Do the exemptions apply to cumulative, shorter absences?
Unfortunately, the wording of the rules is that above exemptions apply only single periods of absence and so consequently, individuals who make frequent trips outside of the UK that exceed 6 months in 12 months, even for important reasons, are likely to be consider to have broken their continuous qualifying period.
Those who travel frequently must take care to record their travel dates with care and keep count of the days they have been outside of the UK. Outside of the EU Settlement Scheme the Home Office only counts full days outside of the UK meaning travel days where the person left and returned to the UK are not be counted towards the total. For example, if Ana left the UK on Monday morning and returned on Wednesday evening, only one day of absence (Tuesday) should be counted.
How do I calculate absences?
- For these purposes, six months is counted as 180 days rather than six calendar months.
- Only full days outside of the UK are counted, and the days on which the applicant left and returned to the UK should not be counted towards the total. For example, if Ana left the UK on Monday morning and returned on Wednesday evening, only one day of absence (Tuesday) should be counted.
- The Home Office will not look at calendar months or periods of 12 months from the start of a person’s period of residence. Instead, they will look at absences across any 12 month period.
What happens if I’ve broken my continuous qualifying period?
Pre-settled status lapses only where a person has been outside of the UK for a continuous period of more than two years. So, the right to reside in the UK will not automatically be lost if a person has broken their continuous qualifying period for settled status.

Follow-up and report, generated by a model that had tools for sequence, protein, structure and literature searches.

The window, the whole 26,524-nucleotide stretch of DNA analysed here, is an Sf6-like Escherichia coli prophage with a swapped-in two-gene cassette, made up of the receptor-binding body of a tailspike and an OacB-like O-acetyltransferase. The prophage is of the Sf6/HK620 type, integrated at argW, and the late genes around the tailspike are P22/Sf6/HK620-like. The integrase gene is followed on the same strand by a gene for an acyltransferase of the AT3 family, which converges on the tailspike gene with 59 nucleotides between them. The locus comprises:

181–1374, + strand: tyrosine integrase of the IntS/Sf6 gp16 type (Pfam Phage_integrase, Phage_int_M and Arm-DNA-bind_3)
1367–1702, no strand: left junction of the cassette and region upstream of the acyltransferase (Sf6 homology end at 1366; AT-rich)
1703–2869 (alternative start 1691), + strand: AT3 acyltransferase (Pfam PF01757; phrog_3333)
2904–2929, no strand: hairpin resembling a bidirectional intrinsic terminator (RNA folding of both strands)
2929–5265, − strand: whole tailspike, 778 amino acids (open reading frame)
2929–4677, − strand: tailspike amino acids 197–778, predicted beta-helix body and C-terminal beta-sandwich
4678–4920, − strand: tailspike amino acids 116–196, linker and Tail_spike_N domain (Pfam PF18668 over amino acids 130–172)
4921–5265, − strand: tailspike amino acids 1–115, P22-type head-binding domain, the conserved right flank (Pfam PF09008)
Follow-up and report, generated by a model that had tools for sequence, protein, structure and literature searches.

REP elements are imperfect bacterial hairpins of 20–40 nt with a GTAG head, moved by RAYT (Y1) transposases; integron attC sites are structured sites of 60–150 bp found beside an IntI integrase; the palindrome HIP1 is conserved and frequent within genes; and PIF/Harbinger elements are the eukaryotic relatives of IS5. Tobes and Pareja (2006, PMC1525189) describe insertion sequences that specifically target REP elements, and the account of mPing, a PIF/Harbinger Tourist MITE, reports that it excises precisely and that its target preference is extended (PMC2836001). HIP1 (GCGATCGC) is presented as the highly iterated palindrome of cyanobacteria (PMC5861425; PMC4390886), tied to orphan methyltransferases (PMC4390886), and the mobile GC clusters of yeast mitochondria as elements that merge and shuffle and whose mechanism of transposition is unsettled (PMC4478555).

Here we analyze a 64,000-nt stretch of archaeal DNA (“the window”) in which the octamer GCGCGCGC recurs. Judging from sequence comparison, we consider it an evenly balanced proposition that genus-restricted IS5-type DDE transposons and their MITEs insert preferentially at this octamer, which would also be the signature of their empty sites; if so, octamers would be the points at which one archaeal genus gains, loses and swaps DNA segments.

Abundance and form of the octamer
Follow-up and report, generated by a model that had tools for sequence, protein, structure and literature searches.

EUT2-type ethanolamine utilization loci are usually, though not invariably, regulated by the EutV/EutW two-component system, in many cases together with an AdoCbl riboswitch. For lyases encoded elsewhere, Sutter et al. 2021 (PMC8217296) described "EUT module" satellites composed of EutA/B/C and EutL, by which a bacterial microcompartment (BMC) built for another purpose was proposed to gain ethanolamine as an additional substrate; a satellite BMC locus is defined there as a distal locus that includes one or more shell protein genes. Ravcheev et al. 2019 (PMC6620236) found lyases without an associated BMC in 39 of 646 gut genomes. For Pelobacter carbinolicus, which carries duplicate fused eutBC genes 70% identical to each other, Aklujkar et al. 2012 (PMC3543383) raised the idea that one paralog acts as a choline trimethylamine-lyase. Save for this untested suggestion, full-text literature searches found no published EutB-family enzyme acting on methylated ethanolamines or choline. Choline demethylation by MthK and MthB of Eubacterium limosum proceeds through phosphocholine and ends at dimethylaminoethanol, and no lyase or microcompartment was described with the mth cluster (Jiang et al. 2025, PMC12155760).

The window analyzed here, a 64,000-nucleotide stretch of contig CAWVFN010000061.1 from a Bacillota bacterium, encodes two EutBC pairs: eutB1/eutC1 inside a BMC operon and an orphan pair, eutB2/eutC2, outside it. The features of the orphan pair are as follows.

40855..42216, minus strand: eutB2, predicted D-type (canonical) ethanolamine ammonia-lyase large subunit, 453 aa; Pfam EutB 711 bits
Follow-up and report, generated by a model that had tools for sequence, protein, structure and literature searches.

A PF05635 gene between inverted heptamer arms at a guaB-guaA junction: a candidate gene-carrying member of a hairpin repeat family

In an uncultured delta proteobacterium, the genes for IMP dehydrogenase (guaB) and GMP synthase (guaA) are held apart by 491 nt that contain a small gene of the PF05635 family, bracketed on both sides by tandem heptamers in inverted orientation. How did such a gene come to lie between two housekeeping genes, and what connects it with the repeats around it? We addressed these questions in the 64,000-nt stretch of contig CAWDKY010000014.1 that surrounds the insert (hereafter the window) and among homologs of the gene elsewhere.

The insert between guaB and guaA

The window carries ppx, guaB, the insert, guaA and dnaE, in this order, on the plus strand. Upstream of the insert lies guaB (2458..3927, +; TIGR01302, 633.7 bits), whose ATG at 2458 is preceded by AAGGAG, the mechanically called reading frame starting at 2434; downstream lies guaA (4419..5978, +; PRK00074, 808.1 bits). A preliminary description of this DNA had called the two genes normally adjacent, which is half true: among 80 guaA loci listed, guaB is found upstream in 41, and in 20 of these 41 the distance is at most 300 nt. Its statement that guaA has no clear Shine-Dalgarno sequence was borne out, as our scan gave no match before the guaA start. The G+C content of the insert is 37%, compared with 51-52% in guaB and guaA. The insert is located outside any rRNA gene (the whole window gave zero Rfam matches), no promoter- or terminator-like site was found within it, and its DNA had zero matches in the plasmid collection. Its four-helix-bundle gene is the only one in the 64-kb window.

If the applicant has broken their continuous qualifying period but returned to the UK before 11pm on 31 December 2020, that person should eligible for an extension of their pre-settled status. In this case, the starting point for the person’s eligibility for settled status is ‘reset’ from the date of their return to the UK.
If the applicant has broken their continuous qualifying period and returned to the UK after 11pm on 31 December 2020, unfortunately, they will be unable to reset the clock to begin a new five year qualifying period for settled status. Although it is possible that someone in this situation could have their pre-settled status extended for two years, the Home Office stated approach is to review the person’s pre-settled status at some point in the future, with the intention of removing status from those who have broken their continuous residence.
Almost five years ago, the EU Settlement Scheme fully opened with assurances that the process would be ‘simple and straight-forward’ for EU nationals to retain and preserve their right to reside in the UK. In reality, the rules on continuous residence are complex and full of potential pitfalls. The COVID-19 pandemic created further confusion to what is required of pre-settled status holders who were compelled to leave the UK in response to the pandemic.
Long absence from the UK whilst holding pre-settled status, can threaten eligibility for settled status. However, longer absences can be justified by reference to the COVID-19 pandemic or other ‘important reasons’ and frequent travellers have up to six months in 12 months travel allowance and so can avoid falling foul of the rules through careful monitoring of their travel.